Hi all, I ll chime in here. It s a good discussion point for progheads given the shunning of 3m/45s songs for radio airplay. I should interject my own
                  Message 8 of 8 , Oct 1, 2003
                    Hi all,

                    I'll chime in here. It's a good discussion point for
                    progheads given the shunning of 3m/45s songs for radio
                    airplay. I should interject my own writing here to
                    suggest there are many fine prog pieces in that time
                    range, like "Boys in the Band" on Gentle Giant's
                    Octobus album.

                    I also really enjoy the FK's music, long songs
                    included. True, they don't always work, just as some
                    shorter pieces by any band don't always work.
                    Speaking to the longer songs, if there's a melody or
                    groove that I'm enjoying, and the band wants to
                    embellish that melody, stringing it out, coming back
                    to it several times, then great. I think both 'epics'
                    on Unfold the Future are superb. I don't give as high
                    a grade on all the other pieces though, but there's
                    still some pretty good stuff packed in between those
                    two longer songs.

                    I basically agree with Joe below in that the
                    musician's offering is their 'art'. It's from their
                    mind and heart, not something that's dictated by a
                    producer who wants a certain sound to match the trend
                    or to make for the best sell. As consumers, we can
                    all choose to buy it or not.

                    In conclusion, I never pay too much attention to the
                    length of a CD when I'm buying or nor when I'm playing
                    it. At any given time, I might want to listen to a
                    symphonic offering from the FK, or a more aggressive
                    sound from the likes of Dream Theatre, or Therion,
                    etc. If it's a longer CD, and I've had enough after
                    60 minutes, then I'll just press the stop button.
                    Another time, I may want to play it again!

                    I'm not sure how articulate I've been but for whatever
                    it's worth....

                    Don Arnold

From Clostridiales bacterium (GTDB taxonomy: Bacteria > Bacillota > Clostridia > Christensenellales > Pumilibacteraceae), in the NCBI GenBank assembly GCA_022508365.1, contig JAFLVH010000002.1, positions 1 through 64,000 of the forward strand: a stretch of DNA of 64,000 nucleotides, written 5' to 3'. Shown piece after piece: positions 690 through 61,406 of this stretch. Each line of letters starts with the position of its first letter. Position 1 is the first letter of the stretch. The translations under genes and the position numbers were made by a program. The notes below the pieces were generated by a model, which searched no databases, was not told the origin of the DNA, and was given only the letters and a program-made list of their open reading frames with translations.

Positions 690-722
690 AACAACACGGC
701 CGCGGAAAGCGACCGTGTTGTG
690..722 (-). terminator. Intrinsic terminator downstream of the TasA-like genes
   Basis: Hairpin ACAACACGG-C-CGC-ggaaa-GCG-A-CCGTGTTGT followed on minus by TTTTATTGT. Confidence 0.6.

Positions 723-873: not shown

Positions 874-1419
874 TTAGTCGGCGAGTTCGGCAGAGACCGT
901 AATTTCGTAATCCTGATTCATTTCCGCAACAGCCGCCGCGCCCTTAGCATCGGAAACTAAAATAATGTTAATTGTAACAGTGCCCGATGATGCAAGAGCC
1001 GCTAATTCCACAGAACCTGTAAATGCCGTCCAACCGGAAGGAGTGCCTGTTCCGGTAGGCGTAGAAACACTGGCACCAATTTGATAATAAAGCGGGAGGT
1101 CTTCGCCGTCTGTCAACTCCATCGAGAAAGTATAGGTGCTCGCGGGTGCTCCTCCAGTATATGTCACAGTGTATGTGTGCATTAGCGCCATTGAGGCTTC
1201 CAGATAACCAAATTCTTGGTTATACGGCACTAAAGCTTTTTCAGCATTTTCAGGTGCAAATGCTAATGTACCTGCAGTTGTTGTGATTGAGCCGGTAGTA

Victoria, BC


                    --- Joseph Shingler <josephshingler@...>
                    wrote: > The debate about album length has always
                    troubled
                    > me.
                    > In my opinion an album is as long as an album is.
                    > It is not our place to second guess, edit, or put a
                    > time restriction on an artists work. That's what AM
                    > radio did in the 50s' and 60s'. Demanding that songs
                    > come in under the three minute range.
                    > But progressive rock is a genre that allows an
                    > artists to extend his palet as he or she sees fit.
                    > And whether it takes four sides or two sides to
                    > create a work like "Topographic Ocean", that is
                    > totally up to the artists composing the work.
                    > Progressive Rock is not a genre for a person with a
                    > short attention span.
                    > Even the great classical symphonies have mediocre
                    > moments which may not be as dazzling as the movement
                    > that preceeded it - but when taken as a whole the
                    > works have become timeless masterpieces.
                    > I'm among the few who enjoy the bloated double CDs
                    > of The Flower Kings. These guys provide their fans
                    > with 'more for the money'. A double CD from The
                    > Flower Kings is usually around the same price as a
                    > single disc from a popular pop rock group or rap
                    > artist. So if you don't like a song or two - simply
                    > program the player to skip the track.
                    > I for one - choose to listen to the entire CD.
                    > Although I find myself skipping a few track as well
                    > on "Flower Power".
                    >
                    > Joe Shingler/Ghosts Of Pompeii
                    > ----- Original Message -----
                    > From: progjeff2000
                    > To: ProgAndOther@yahoogroups.com
                    > Sent: Wednesday, October 01, 2003 7:15 AM
                    > Subject: [ProgAndOther] album length
                    >
                    >
                    > Jerry wrote in response to Bice and me:
                    >
                    > > I couldn't agree more!!!
                    > i find it really hard to maintain concentration on
                    > one album for more
                    > than an hour.
                    >
                    > I've often wondered why many artists insist on
                    > filling a CD, or even
                    > releasing double CDs (*cough* Flower Kings
                    > *cough*), if all of the
                    > material isn't top notch. Granted, maybe they feel
                    > that they can't
                    > tighten things up any more, but 75 minutes (and in
                    > some cases, 130
                    > minutes) is a lot of music to pack onto a disc,
                    > especially if there is
                    > only 50 minutes of quality stuff in there.
                    >
                    > Looking through my collection, pretty much all of
                    > my favorite CDs are
                    > in the 40-60 minute range, with a few clocking in
                    > at under 40. And,
                    > for the record, a good many of my favorites have
                    > been released in past
                    > 15 years, thus negating the old "time restraints
                    > of vinyl" argument
                    >
                    > - Jeff
                    >
                    >
                    >